Justice Clarence Thomas was so moved by what he had just heard at the U.S. Supreme Court that he led a standing ovation, then tearfully declared, "This may be one of the most significant things that has ever happened in this building."
It wasn't the oral arguments of high-priced lawyers that had touched the normally stoic Thomas in 1999. It was the stirring readings given by a group of fourth and fifth graders on the responsibilities of living in a free society. The 45 children were students at Hobart Boulevard Elementary School in Central Los Angeles. And thanks to a remarkable teacher named Rafe Esquith, they're quite accustomed to performing brilliantly, though usually it's Shakespeare, not civics lessons, that the kids recite.
At a time when privileged college students often feel overmatched when it comes to reading the Bard's dramas, Esquith, 46, successfully leads inner-city 10-year-olds from immigrant Central American and Korean families in mastering Shakespeare's major works. His class studies one play in depth each year—currently it's King Lear—and then performs it at Shakespeare festivals and across the United States. Esquith, who has won national teaching awards from Disney and Parents magazine, is a tough-love taskmaster. He makes all his kids study hard in math and history, read the classics and play an instrument. And it works: The Hobart Shakespeareans, as Esquith's students are known, consistently score in the top 5 to 10 percent nationally in standardized tests. "It's an indelible message," says Abigail Thernstrom, co-author of America in Black and White: One Nation, Indivisible, "that hard work and self-discipline can change one's life for the better."
Esquith and his troupe are especially respected by actors and directors. "The first time I saw them do The Comedy of Errors," marvels Hal Holbrook, "I said to Rafe, 'I can tell as an actor that they know what they're saying.' " Sir Ian McKellen, no stranger to Shakespeare, comes to L.A. every year to see the kids perform. "Sometimes he has to fly all night to come to the play and get right back on a plane," says Esquith. When some of Esquith's former students performed at Shakespeare's Globe theater in London in 1999, director Sir Peter Hall was so impressed he cast a few as fairies in the Royal Shakespeare Company's Los Angeles performance of A Midsummer Night's Dream. "My kids being directed by the best living Shakespearean director," says an awed Esquith. "How cool is that?"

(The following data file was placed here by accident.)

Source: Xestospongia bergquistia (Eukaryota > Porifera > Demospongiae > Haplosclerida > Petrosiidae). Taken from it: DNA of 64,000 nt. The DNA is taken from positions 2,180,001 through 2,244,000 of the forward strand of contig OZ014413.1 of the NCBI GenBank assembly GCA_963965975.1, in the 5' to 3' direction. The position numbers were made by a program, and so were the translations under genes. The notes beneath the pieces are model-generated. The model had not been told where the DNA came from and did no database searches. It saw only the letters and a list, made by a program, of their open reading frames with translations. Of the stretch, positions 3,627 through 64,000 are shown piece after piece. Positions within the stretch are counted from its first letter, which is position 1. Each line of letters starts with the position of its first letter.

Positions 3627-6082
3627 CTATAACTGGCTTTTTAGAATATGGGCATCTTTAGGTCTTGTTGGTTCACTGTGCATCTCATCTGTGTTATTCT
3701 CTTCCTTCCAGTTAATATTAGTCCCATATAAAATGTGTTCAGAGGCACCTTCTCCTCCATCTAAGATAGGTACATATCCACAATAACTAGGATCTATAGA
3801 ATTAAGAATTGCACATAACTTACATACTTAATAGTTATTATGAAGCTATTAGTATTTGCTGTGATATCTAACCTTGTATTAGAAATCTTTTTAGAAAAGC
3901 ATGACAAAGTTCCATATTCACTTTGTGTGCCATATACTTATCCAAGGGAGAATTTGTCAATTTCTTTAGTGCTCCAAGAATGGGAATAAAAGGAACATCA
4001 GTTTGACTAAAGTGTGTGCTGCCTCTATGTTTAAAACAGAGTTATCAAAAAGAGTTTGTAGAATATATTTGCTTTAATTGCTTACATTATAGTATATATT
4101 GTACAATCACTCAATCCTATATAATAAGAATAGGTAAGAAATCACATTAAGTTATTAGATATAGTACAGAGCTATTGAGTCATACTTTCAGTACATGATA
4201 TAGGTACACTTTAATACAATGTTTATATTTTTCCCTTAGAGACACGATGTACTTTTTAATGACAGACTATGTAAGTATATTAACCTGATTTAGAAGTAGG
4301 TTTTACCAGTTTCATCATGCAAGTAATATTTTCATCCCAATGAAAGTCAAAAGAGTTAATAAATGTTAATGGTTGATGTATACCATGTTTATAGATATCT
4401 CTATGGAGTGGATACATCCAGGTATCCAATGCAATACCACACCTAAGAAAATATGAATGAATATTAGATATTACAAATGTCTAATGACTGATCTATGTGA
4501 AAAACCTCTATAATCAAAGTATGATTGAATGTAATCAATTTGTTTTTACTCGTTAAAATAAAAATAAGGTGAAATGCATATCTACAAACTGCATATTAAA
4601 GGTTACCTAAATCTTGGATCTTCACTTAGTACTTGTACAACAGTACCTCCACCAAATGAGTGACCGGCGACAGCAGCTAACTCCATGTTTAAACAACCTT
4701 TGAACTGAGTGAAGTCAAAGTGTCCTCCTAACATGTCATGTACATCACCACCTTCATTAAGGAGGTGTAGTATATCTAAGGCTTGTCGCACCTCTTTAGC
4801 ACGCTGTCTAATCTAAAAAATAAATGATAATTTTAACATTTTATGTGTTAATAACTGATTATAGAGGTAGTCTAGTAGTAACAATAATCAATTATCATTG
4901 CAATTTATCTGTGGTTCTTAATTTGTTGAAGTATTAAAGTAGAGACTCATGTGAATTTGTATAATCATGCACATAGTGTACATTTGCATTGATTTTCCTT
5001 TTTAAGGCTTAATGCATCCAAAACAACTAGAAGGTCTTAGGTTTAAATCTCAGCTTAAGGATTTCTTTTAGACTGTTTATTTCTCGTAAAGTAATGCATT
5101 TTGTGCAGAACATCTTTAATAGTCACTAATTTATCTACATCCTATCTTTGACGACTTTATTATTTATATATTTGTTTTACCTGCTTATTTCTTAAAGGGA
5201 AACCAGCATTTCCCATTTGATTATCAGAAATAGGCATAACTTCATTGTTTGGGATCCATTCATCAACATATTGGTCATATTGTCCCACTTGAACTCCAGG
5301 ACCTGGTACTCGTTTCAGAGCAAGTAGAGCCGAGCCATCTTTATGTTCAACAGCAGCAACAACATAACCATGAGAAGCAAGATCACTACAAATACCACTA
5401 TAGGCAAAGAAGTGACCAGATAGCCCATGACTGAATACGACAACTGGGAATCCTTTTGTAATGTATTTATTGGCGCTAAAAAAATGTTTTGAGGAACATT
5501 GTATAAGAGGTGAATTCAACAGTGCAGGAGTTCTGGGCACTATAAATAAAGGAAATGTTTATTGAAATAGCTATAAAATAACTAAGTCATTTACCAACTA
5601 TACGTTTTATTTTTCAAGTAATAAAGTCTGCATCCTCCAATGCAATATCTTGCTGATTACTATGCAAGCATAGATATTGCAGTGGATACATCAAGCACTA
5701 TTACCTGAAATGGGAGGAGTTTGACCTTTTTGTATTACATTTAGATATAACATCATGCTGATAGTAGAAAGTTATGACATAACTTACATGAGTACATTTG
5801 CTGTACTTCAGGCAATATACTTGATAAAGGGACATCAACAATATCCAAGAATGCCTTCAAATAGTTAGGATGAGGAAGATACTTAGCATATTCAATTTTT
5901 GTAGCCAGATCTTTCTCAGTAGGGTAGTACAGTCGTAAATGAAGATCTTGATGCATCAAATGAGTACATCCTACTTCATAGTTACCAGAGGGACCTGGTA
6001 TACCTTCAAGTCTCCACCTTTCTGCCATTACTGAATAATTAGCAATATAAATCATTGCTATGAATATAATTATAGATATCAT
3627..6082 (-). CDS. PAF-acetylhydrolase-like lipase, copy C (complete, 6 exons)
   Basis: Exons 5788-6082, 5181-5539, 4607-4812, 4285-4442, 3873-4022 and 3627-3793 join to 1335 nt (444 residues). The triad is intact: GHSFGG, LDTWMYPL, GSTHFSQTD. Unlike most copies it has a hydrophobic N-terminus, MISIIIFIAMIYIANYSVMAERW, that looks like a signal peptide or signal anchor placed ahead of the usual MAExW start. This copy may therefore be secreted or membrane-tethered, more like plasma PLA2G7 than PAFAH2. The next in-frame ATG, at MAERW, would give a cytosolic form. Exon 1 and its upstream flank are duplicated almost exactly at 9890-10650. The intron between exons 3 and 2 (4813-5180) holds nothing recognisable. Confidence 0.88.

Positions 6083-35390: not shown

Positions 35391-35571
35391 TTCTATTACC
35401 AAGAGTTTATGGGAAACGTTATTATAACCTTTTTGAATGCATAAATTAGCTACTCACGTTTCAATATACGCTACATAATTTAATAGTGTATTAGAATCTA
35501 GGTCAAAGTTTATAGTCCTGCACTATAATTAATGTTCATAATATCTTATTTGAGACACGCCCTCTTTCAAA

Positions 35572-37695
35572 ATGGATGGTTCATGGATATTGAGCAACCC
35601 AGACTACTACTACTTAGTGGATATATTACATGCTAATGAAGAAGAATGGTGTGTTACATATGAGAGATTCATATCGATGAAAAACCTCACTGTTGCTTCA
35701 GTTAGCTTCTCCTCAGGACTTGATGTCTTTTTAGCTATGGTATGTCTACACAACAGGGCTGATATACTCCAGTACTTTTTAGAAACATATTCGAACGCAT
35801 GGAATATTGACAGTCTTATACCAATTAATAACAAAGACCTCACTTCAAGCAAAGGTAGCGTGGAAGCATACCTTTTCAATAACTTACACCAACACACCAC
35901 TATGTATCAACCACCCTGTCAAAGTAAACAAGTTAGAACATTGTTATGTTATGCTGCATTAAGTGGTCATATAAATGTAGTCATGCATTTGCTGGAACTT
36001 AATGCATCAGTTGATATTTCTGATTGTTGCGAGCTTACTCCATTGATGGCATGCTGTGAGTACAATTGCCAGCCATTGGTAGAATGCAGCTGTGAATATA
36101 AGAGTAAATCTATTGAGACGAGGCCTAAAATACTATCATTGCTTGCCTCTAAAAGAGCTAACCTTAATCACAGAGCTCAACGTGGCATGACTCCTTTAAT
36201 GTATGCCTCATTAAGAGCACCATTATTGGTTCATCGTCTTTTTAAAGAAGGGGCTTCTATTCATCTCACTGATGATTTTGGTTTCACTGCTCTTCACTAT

Not nearly as cool as the devotion of their teacher, whose program Oprah
Winfrey found so inspirational that she donated $100,000 last fall. Until he bought a van recently, Esquith, who earns $39,000 a year, used to insist that his wife, Barbara Tong, 58, a nurse, take the family car to work; he would walk two hours to school, leaving at 4:30 a.m., through some of L.A.'s worst gang territory. "I've taught a lot of their little brothers and sisters," says a sanguine Esquith. "They looked out for me."
A native Angeleno, Esquith learned about loss and survival early. His social worker father, Joseph, died in 1964, when Esquith was 9. His mother, Claire, juggled jobs to support Esquith—who received a degree in social work from UCLA in 1975—and his brother David, now 52, a medical social worker in L.A. Before his mother died in 1981, Esquith says he promised her that he "would make a difference." He has done so since 1985, when he left a middle-class public school for Hobart, in one of L.A.'s poorest neighborhoods, where he felt he was more needed.
Until 1991, when he married Tong, the mother of four children, Esquith seemed headed for permanent bachelorhood. "One woman told me, 'I could compete with another woman, but I can't compete with a bunch of 10-year-olds,' " he recalls. Tong supports Esquith's commitment to teaching, even when he maxes out their credit cards treating students to concerts, museums and restaurants so they will know there is a world beyond barred windows and security gates. They return the favor, arriving at school nearly two hours before the 8 a.m. bell to study with their teacher. Former students, some now in college, show up on weekends to tutor the current crop. More important than what they get, says Esquith, is what they give back: They volunteer in the community and perform at teachers' conferences. "I wouldn't be doing my job if they were only smart," he says.
They are smart—and then some. "Rafe is getting us ready for life," says Andrew Kim, 10. "We're going to have a better future because of what we're doing now."
Karen Grigsby Bates in Los Angeles